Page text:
What might be the best news ever for teenagers: Scientists have found a virus that could be used as an efficient zit-fighter.
The secret to zapping irritating acne may have been on our faces all along. Scientists at UCLA and the University of Pittsburgh have discovered that a common, benign skin virus naturally preys on a type of bacterium that causes nasty zits to form. Now experts think it could lead to groundbreaking acne-fighting treatments, and should prove welcome news for pimple-plagued teens everywhere. A guide to the discovery, and what it means for your face:
How do zits form?
Acne forms when tiny hair follicles become clogged with oil and dead skin, says Michelle Castillo at CBS News. When pores get backed up, bacteria like Propionibacterium acnes can cause infections that inflame the skin and result in zits. It's estimated that 85 percent of all people will experience acne at some point in their lives.
Why is acne worse for teens?
During puberty, a teenager's hair follicle glands begin growing larger. To help lubricate the skin, these glands produce an oily substance called sebum, and bacteria like P. acnes live inside the fatty acids of the oil. That's why teens are so susceptible to breakouts and why as many as 40 percent of them end up suffering from acne or acne scarring.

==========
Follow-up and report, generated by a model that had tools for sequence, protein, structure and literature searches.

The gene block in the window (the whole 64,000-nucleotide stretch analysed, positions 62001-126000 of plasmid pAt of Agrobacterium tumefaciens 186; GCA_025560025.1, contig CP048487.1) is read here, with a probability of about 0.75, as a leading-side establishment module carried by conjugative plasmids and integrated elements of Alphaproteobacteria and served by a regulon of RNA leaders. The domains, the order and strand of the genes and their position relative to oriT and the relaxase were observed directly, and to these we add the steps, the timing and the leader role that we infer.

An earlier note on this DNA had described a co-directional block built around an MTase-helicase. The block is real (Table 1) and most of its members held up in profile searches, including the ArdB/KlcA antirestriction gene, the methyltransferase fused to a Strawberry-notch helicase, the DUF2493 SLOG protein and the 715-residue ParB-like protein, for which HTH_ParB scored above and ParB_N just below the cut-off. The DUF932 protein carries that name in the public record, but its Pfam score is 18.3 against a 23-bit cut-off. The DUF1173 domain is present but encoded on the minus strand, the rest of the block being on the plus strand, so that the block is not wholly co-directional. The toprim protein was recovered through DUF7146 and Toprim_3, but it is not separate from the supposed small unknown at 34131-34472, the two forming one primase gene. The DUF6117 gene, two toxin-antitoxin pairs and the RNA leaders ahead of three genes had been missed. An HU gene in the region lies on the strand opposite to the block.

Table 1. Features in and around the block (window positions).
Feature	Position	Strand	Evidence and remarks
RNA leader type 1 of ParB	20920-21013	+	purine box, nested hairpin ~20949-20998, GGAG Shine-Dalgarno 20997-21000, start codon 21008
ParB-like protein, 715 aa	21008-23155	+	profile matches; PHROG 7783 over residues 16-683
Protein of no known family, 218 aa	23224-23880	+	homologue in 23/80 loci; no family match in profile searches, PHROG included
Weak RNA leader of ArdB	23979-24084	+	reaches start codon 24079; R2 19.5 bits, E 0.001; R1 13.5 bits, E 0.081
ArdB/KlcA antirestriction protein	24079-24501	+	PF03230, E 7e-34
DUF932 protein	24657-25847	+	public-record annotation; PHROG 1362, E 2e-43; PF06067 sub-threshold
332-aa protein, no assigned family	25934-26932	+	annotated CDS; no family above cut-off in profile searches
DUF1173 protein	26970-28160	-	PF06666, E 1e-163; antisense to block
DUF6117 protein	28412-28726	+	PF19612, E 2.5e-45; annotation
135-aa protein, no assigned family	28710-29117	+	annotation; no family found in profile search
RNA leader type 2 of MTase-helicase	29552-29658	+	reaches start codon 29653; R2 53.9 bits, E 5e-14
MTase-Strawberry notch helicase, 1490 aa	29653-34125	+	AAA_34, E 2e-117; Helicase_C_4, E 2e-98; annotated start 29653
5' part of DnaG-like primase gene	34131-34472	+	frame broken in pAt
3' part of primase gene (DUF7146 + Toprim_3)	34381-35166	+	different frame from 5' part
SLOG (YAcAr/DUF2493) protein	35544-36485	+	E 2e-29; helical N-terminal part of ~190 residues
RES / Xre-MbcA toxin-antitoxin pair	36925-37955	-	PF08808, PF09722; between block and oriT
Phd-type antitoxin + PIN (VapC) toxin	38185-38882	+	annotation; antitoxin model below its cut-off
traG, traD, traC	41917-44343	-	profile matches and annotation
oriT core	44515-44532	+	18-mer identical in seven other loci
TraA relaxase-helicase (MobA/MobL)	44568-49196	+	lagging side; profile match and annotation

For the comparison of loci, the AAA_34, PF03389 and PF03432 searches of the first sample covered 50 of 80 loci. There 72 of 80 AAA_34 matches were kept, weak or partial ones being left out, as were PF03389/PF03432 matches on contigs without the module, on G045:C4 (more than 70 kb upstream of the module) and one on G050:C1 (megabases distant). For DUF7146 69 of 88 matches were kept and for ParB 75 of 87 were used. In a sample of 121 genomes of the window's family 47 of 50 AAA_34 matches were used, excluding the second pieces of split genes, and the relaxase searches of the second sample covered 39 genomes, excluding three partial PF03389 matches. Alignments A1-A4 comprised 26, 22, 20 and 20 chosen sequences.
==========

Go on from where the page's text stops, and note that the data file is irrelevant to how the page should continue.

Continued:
What did researchers learn about battling zits?
The report, published in the journal mBio, examines a type of virus called a bacteriophage that lives harmlessly on our skin. These bacteriophages, or phages for short, seek out P. acnes bacteria and "inject their genetic material into [them], forcing them to make more and more new phages until they burst," says Daniel J. DeNoon at WebMD. Now skincare experts think tapping these predatory viruses, which leave other cells alone, could hold the key to stopping zits dead in their tracks.
How would phages be more effective than current treatments?
Current acne treatment is based on various factors, including cleaning out the pores to remove sebum, using antibiotics to kill bacteria, reducing swelling with anti-inflammatory medicine, or using hormone treatment therapy for especially bad acne. These approaches all have their limitations: Antibiotics often fail, for example, because P. acnes can develop a natural resistance. Phages, which doctors hope to develop into a topical cream, offer a "more efficient approach because they are a natural predator, unlike a synthetic antibiotic," says Christopher Wanjek at LiveScience. That means acne-causing bacteria would be less likely to develop a natural resistance.
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